GUPTA (voice-over): But perhaps most importantly, Dr. Roback told me something I had not really considered before. That if you test positive for the antibodies that means you have dealt with this infection and you have beat it. And chances are, that if you are exposed to it again, you will beat it again, as for me, that part is still an open question mark. I tested negative.

(END VIDEOTAPE)

CABRERA: Our thanks to Dr. Sanjay Gupta for his reporting. And we are happy he is healthy.

We've learned that the FDA has approved three new antibody tests. Bringing the total test currently on the market - again, antibody test specifically to seven.

Now, the few tests that have been completed so far have found that some Americans have already had coronavirus and not even known it. A study of Miami-Dade residents, for instance, found that between 4.4 percent and 7.9 percent of the residents there have antibodies. A separate study in Santa Clara, California found that about 2.5 to 4 percent of people have antibodies. And in New York, the Governor Andrew Cuomo says results in New York City show about 20 percent of those tested have antibodies.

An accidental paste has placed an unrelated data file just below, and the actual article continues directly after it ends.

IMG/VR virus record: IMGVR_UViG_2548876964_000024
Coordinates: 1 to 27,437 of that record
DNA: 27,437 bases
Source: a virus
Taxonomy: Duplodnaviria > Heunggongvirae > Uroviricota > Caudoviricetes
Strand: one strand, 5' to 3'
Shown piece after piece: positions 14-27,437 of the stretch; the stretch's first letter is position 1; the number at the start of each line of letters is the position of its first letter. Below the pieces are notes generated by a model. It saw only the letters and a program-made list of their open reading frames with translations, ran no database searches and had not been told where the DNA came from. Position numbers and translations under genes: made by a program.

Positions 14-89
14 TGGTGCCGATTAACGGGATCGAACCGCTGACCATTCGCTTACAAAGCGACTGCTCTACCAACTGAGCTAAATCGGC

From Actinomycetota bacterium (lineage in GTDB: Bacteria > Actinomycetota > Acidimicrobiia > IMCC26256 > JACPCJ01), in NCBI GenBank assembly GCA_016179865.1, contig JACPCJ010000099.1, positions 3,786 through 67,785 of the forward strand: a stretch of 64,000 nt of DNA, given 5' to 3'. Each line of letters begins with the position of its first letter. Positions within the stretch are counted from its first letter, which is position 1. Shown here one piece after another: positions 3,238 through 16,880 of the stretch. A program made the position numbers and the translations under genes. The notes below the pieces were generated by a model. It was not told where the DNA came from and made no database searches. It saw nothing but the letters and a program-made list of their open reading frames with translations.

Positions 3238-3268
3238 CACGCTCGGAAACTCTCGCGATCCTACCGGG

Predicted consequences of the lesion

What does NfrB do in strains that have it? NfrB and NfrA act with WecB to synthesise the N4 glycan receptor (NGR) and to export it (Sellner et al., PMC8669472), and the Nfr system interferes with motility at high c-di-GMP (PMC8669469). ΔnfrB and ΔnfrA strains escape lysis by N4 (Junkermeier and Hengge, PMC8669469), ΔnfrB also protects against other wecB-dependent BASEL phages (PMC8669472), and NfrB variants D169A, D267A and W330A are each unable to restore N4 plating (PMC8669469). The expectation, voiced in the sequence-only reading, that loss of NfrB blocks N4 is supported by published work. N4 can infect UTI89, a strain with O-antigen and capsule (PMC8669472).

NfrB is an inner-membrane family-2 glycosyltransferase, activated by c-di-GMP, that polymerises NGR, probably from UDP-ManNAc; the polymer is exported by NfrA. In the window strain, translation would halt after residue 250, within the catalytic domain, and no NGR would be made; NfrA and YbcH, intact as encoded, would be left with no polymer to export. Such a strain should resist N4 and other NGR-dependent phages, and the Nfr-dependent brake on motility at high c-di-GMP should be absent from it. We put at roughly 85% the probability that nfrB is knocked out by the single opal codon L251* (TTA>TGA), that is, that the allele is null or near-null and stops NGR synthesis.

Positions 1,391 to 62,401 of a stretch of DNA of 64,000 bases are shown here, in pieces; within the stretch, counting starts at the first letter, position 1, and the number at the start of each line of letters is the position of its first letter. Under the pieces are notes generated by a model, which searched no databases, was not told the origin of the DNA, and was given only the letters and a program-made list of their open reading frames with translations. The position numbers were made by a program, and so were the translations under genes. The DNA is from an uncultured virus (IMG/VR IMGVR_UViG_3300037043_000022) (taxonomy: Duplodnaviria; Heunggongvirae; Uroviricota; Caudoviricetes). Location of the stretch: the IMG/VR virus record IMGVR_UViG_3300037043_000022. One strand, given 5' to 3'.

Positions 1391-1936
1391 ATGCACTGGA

I want to bring in infectious disease specialist, Dr. Celine Gounder. And public health specialist, Dr. Saju Mathew.

Dr. Gounder, what percentage of the population would you want to have antibodies in order to safely reopen?

DR. CELINE GOUNDER, INFECTIOUS DISEASE SPECIALIST AND EPIDEMIOLOGIST: Well Ana, it does depend to some degree on the virus. But in general, we're talking about 70 percent to 90 percent of the population need to have antibodies to have what we consider herd immunity. So the more infectious the virus, so for example, measles, you need to have herd immunity of about 90 percent. You know and even the numbers that we're getting out of New York City which are skewed because the people who were tested were people who are still going to grocery stores at the time. And a lot of them stopped doing that even then it was 20 percent. So, we are really nowhere near what we call herd immunity levels yet.

CABRERA: Here's the thing though. The World Health Organization now says there is no evidence that people who had coronavirus are immunized from the second infection. Although they say that this just hasn't been studied. Here's the UK's chief medical officer talking about that.

(BEGIN VIDEO CLIP)

CHRISTOPHER WHITTY, CHIEF UK MEDICAL OFFICER: There's a little bit of evidence of some people may be re-infected with this having had a previous infection.

[17:20:04]

That's a slightly concerning situation. And certainly, some other coronaviruses immunity are relatively quickly. So we need to be careful, we don't assume that we will have a vaccine for this disease as we have for let's say measles, which once you have it, you are protected for life. We may or we may not. We need to be absolutely clear about that.